Amidst my recent posts about inspirational leadership and technology integration ideas from the 2011 ISTE conference in Philadelphia, I’ve been shocked and saddened to read about incredible levels of recent violence in the city which are heartbreaking as well as alarming. According to the June 28, 2011, article in the The Philadelphia Inquirier newspaper, “32 people shot in 3 days of violence,”
It was a weekend of violence and mayhem – brutal even by Philadelphia standards. From Friday through Sunday, 32 people were wounded, six fatally, in about 20 shootings across the city, police said, and a seventh person died in a stabbing. Police are also investigating four assaults and robberies committed by “roving packs of young people” leaving a North Philadelphia street festival Saturday night, Commissioner Charles H. Ramsey said. Police had not yet determined if the 32 shooting victims represented the worst three-day span of violence in the department’s recent history.
This news article seems a bit surreal since I’ve been here the week following these shootings, staying in a downtown hotel not far from where some nightmarish acts of violence took place.
According to the article “Teen dipute cited in death at playground” in the same day’s paper:
The gunfire, which erupted around 9 p.m. at the outdoor party that drew as many as 200 people to the Strawberry Mansion park Sunday night, stemmed from a long-simmering dispute between a neighborhood teenager and a group of other teens, police said… The teenager’s father, 30-year-old Nyeme Taylor, intervened in the fight and was killed by one of the teenagers… Police said the teenager had been assaulted by five males at the park about a half-hour before the shooting. He went home and told his father, who then accompanied the boy back to the park and confronted the other teens, Clark said. “The father stated to them, ‘My son will fight each one of you one at a time,’ ” Clark said. “With that, they collectively assaulted the teen again.” When Taylor tried to pull one of the attackers off his son, someone drew a gun and opened fire.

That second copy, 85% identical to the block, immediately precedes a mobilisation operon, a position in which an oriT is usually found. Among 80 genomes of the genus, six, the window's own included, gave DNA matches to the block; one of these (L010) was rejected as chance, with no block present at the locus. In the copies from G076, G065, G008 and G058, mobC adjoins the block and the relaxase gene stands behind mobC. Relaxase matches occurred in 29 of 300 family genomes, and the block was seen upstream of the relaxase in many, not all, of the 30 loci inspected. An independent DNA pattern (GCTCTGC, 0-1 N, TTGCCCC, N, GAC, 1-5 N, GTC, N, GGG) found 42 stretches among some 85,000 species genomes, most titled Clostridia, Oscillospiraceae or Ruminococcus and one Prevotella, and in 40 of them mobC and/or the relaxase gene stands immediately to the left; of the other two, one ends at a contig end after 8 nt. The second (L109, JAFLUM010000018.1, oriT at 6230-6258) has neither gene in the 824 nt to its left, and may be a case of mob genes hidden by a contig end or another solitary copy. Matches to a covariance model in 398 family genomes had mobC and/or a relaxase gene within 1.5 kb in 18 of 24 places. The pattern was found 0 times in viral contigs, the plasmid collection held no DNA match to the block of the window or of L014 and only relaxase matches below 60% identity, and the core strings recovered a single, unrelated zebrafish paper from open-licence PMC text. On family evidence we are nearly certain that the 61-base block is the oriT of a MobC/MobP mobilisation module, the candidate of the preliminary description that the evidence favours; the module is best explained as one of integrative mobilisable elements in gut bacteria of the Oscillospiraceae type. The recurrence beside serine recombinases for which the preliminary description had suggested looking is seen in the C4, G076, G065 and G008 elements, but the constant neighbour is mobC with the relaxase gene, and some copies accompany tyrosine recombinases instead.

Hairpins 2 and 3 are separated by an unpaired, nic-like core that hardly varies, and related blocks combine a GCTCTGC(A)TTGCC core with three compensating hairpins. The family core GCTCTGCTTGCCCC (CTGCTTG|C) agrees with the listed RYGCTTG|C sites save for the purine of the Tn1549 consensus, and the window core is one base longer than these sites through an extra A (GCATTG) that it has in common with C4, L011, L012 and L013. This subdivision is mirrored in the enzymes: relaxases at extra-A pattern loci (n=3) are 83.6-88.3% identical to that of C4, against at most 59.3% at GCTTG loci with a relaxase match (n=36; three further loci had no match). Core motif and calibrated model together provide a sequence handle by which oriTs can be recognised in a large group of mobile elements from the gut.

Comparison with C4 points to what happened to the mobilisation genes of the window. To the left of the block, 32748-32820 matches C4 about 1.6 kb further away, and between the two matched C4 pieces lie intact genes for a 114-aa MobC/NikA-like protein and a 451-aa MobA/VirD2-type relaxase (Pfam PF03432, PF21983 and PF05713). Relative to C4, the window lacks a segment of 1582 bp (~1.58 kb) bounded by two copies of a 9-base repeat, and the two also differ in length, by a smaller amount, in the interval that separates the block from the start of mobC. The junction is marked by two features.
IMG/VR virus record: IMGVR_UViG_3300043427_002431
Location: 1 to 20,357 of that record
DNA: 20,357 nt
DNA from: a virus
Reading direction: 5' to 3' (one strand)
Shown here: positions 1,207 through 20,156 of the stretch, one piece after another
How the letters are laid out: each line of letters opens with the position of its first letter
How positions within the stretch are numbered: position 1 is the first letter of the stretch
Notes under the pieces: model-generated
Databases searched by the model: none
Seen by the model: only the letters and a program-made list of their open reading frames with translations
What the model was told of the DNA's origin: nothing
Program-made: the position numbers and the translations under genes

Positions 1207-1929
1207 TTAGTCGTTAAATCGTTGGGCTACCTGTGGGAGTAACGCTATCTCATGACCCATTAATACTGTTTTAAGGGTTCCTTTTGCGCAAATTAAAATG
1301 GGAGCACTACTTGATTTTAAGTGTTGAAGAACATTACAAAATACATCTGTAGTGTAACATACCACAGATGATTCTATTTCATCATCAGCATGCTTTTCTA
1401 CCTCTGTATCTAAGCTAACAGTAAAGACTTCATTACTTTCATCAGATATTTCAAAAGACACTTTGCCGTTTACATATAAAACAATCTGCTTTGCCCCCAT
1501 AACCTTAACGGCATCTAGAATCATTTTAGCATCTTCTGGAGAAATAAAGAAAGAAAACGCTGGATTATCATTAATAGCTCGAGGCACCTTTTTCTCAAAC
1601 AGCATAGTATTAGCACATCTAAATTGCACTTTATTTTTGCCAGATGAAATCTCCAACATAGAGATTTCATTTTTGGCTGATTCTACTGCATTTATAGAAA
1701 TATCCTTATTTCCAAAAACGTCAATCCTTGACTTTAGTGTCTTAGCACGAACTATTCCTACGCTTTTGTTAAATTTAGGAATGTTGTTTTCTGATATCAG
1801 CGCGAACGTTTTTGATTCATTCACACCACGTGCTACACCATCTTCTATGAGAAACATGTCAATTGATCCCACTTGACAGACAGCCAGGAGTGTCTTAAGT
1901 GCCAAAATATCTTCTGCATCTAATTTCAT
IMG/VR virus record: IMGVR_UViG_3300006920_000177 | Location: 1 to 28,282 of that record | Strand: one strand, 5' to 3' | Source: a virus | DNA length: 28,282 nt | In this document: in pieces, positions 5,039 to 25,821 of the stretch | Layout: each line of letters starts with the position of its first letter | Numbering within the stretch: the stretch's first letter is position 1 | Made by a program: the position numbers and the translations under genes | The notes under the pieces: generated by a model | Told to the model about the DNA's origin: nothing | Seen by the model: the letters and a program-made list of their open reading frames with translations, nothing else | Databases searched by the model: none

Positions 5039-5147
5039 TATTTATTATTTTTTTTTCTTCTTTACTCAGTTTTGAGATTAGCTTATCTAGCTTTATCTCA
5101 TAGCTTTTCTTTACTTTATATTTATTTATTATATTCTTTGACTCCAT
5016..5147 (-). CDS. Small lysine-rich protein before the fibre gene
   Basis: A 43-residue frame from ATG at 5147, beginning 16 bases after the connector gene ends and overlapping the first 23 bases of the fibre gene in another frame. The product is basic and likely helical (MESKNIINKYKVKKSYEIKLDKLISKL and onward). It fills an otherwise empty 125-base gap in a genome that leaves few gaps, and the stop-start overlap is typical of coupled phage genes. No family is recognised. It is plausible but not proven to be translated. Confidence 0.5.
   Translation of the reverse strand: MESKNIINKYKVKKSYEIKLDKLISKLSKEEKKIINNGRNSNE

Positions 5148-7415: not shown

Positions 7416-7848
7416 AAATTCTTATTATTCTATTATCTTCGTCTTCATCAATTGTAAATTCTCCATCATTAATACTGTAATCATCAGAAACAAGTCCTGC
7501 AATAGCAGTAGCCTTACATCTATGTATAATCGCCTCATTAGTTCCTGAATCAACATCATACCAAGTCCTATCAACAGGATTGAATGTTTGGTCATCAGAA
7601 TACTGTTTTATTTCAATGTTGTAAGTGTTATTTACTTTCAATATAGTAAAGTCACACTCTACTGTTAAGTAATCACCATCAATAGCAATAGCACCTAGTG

The article goes on to describe how Taylor and his wife had six children, and a past record of bullying preceded these tragic events.
Tanya Taylor said her son has been beaten up regularly by neighborhood youths since the family moved to a home around the corner from the park at 33d and Diamond Streets. Taylor even pulled her son and 15-year-old daughter out of the nearby Hill Elementary School when school administrators could not adequately assure her that they would stop the harassment, she said.
It is difficult for me to imagine living in an environment of fear, insecurity, violence and tragedy like the one described in these articles. My heart and prayers go out to all those affected by these acts of violence, and with the police members charged with bringing those responsible to justice. Stories such as these make me count my blessings, but also consider my own actions as a member and citizen of my larger community back home.
No one should live in fear. I hope these tragic events will catalyze citizens in Philadelphia to come together and take action to address the root causes of this violence. I will not pretend to know what those are, but my strong suspicion is they run deep. Deep roots are hard to remove, but they can be. New trees can be planted, nurtured, and grown to replace them. That is a long process, however, and may require many nurturing hands to accomplish.
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- One Hour PowerPoint: A Strategy for Improving Presentations by David Jakes and Dean Shareski - 2008
- Open Minds: Open Education and Open Culture by David Thornburg - 2008
- links for 2008-06-30 - 2008
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